(WUSA9) -- You've heard the advice to wash your hands and get a flu shot. But what else can you do to try and avoid spreading germs at the height of flu season?
Today, AARP released a list of 8 things you may want to try and avoid touching, that might not be on your radar.
1.) Restaurant Menus
Hundreds of people could have touched that menu you're using to decide what to order. But what are the odds it's been washed since they did? Try not to let it touch your plate or silverware. And once you've handed it back to the server, head to the restroom and wash your hands.
2.) Lemon Wedges
Back in 2007, a study in the Journal of Environmental Health found that nearly 70% of the lemon wedges found on the edge of restaurant glasses contained disease-causing microbes. So play it safe, and just ask your server to skip the garnish.
3.) Condiment Dispensers
You may wash your hands before every meal, but did the last person at your table? Don't take the risk -- and before you pour either use a disinfectant wipe on the outside of the bottle, or grab it with a napkin.
4.) Restroom Door Handles
This one can be pretty easy to protect yourself. When you grab that paper towel to dry your hands after you wash them, hang on to it when you open the door.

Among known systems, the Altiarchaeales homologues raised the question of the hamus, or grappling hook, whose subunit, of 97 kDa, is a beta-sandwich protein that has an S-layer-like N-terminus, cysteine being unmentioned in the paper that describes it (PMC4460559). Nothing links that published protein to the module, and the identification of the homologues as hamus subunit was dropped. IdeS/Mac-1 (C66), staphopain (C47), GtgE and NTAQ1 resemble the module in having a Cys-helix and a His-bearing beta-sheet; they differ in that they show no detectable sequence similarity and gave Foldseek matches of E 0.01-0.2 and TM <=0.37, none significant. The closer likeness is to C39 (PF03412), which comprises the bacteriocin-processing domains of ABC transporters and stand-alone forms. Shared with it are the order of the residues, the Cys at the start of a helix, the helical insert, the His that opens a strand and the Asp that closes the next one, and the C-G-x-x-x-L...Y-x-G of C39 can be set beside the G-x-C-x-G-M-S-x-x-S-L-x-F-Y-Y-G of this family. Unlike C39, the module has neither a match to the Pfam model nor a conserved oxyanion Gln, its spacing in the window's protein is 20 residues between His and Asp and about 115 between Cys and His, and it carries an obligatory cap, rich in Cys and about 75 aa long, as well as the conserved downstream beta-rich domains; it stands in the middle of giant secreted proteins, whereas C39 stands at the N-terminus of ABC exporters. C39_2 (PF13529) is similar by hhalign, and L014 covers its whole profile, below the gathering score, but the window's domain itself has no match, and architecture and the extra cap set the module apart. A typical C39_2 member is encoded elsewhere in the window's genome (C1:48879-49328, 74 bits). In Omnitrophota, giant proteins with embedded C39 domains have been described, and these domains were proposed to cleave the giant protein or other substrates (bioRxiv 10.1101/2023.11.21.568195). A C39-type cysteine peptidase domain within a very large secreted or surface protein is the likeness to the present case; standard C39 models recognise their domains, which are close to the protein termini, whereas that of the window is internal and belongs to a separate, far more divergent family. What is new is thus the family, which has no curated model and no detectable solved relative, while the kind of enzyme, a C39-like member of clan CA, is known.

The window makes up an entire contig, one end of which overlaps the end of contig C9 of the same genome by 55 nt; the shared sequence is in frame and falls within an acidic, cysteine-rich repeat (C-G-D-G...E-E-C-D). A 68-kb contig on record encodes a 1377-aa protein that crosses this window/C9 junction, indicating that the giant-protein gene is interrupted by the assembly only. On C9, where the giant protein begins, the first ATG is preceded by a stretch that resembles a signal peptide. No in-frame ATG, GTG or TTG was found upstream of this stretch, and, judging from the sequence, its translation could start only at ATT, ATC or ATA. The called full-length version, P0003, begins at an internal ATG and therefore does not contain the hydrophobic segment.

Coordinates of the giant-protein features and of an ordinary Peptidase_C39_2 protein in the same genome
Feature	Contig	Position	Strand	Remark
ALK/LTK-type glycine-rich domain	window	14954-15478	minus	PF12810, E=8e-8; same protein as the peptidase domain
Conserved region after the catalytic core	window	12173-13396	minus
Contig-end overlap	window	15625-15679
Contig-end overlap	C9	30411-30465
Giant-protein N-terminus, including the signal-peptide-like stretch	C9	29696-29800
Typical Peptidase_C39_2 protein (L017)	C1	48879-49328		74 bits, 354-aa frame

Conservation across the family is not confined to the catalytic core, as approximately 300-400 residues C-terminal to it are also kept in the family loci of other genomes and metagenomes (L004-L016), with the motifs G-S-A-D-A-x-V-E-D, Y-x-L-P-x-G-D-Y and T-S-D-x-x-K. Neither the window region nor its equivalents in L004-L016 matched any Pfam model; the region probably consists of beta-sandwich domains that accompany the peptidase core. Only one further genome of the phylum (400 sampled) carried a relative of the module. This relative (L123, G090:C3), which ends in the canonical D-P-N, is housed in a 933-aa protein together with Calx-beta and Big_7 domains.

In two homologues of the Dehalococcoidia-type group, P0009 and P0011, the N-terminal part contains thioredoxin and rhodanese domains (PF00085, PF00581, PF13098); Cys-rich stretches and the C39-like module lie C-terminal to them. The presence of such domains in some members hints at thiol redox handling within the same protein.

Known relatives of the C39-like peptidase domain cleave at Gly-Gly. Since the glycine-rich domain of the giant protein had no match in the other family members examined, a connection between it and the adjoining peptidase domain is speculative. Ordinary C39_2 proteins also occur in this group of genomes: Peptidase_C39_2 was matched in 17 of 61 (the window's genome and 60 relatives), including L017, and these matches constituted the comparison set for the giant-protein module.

5.) Soap Dispensers
It may seem ironic, but a study out of the University of Arizona found that 25% of public restroom soap dispensers are actually contaminated with fecal matter. Microbiologists suggest that when you do have to use one, make sure you scrub your hands thoroughly with plenty of hot water for at least 15 to 20 seconds.
6.) Grocery Carts
Those cloth covers to create a barrier between your kids and the carts seem to be all the rage. And they may be on to something. A 2007 University of Arizona study found fecal bacteria on almost 2/3 of the shopping carts they tested. To protect yourself, take advantage of those disinfectant wipes most grocery stores offer at the front door now. And try and skip the free samples while you shop -- all that does is transmit any germs directly between your hands and mouth.
7.) Airplane Bathrooms
This is probably the hardest one to protect against. Everything from faucets to doorknobs in an airplane bathroom tends to have some bacteria attached. The best microbiologist Charles Gerba, Ph.D. can recommend is to clean your hand thoroughly with a hand sanitizer once you leave the restroom, and try not to directly touch any surfaces.
8.) Doctors' Offices
It makes sense you would find a lot of germs here, with plenty of people heading to the doctor once they are sick. Try bringing your own books or magazines when you have an appointment, and grab your own tissues. Once you're in the waiting room, leave two chairs between you and the next patient if you can to lower your chances of picking up their germs should they cough or sneeze.